Concrete and ongoing projects that are being developed in the province of Santa Fe show that the implementation of the circular economy in the region is not only possible, but “it is a fairly close reality”, predicted Gloria Rótolo, specialist of the Station Experimental of the National Institute of Agricultural Technology (Inta) of Oliveros .
Within the framework of the cycle of talks that this entity has been promoting for several months, Rótolo gave an exclusive dissertation on circular economy which he defined from and as an alternative approach for a viable production, on a planet whose population exceeds its capacity. to regenerate resources and assimilate waste.
“At some point we have become out of adjustment with the home that shelters us because the natural system cycles everything: resources and waste. It does not use anything from outside and does not throw anything outside. And at some point we began to extract, consume and throw away, believing that resources are infinite and letting the future solve our waste problems for us, “said Rótolo in the introduction to the subject.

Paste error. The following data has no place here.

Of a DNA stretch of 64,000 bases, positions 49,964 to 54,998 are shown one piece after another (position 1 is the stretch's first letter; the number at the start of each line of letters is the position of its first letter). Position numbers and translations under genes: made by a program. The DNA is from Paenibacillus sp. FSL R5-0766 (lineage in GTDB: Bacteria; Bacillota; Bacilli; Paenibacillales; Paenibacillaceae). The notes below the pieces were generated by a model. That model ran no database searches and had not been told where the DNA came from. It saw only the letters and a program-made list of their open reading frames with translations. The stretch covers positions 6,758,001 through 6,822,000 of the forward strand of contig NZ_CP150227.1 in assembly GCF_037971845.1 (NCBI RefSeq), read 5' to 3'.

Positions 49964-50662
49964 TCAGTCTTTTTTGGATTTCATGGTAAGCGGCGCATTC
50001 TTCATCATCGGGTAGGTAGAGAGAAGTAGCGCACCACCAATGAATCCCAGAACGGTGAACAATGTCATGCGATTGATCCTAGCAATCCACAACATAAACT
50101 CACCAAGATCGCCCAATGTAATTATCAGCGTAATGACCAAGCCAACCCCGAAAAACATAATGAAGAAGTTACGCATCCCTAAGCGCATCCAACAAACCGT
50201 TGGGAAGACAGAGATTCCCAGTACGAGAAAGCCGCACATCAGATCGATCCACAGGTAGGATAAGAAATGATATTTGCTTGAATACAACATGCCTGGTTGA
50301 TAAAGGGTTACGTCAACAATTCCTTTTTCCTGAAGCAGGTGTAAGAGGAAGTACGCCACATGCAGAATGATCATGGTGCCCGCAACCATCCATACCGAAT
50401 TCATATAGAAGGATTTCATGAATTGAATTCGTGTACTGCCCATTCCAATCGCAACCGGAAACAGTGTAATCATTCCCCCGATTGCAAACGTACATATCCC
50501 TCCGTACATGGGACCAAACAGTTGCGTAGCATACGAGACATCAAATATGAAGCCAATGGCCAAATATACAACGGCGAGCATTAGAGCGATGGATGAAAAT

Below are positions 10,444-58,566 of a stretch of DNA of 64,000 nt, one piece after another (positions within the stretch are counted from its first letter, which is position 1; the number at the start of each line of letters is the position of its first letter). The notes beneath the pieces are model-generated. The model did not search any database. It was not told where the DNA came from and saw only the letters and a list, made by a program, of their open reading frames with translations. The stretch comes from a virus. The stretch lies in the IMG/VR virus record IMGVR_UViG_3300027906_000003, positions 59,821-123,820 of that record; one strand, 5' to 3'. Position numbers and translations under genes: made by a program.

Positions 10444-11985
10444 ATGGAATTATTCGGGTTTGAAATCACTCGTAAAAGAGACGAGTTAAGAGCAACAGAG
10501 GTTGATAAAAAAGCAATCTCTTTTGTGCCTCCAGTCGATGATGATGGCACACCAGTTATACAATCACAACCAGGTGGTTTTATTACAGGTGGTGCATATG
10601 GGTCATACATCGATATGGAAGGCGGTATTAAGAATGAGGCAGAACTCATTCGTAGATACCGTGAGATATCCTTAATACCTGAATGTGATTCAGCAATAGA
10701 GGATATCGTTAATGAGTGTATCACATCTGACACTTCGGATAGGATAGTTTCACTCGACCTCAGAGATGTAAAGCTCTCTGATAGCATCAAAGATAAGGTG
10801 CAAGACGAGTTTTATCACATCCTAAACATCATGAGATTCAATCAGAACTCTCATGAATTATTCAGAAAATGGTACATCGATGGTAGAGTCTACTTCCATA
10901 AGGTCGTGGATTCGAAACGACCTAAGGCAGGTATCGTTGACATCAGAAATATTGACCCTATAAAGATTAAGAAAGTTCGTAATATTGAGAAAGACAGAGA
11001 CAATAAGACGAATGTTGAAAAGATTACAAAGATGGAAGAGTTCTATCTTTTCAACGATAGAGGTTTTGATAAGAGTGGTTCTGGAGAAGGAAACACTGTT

From there he defined that humanity follows the pattern of “taking, making and discarding”, which, due to overpopulation, exceeded its own limit, “to the point that today to reach the capacity for regeneration and absorption of waste, we require the resources of almost two planets ”, said the specialist.
In this sense, Rótolo mentioned a study carried out by Stockholm researchers since 2009, in which nine indicators are identified, of which a limit was found for seven (the other two have not yet been found). And of those seven, three have far exceeded the limit of safe operation for humanity, which are greenhouse gas emissions, the removal of atmospheric nitrogen from the atmosphere for industrial and agricultural use, and the loss of biodiversity .
In addition to these consequences, “ we are seeing that at the level of resources and environments, food production is wasted by a third per year . This third that we are throwing away required 23% of the world’s annual cropland per inhabitant per year and 24% of the total fresh water, representing an economic loss of almost 3 trillion dollars per year ”, the researcher remarked.
To this, he said that “there is a very large global malnutrition and that could have fed 10.7% of that undernourished population and also represented 7% of greenhouse gas emissions.”
On the other hand, “the scheme that we have been following for some time is subject to vulnerability due to the current situation, market interests and different international prices. We also have economic losses due to structural waste ”, warned Rótolo.
In this regard, he pointed out that ” we are producing a large amount of waste that we have to put it somewhere and there are some types that we still have not resolved where to put it.”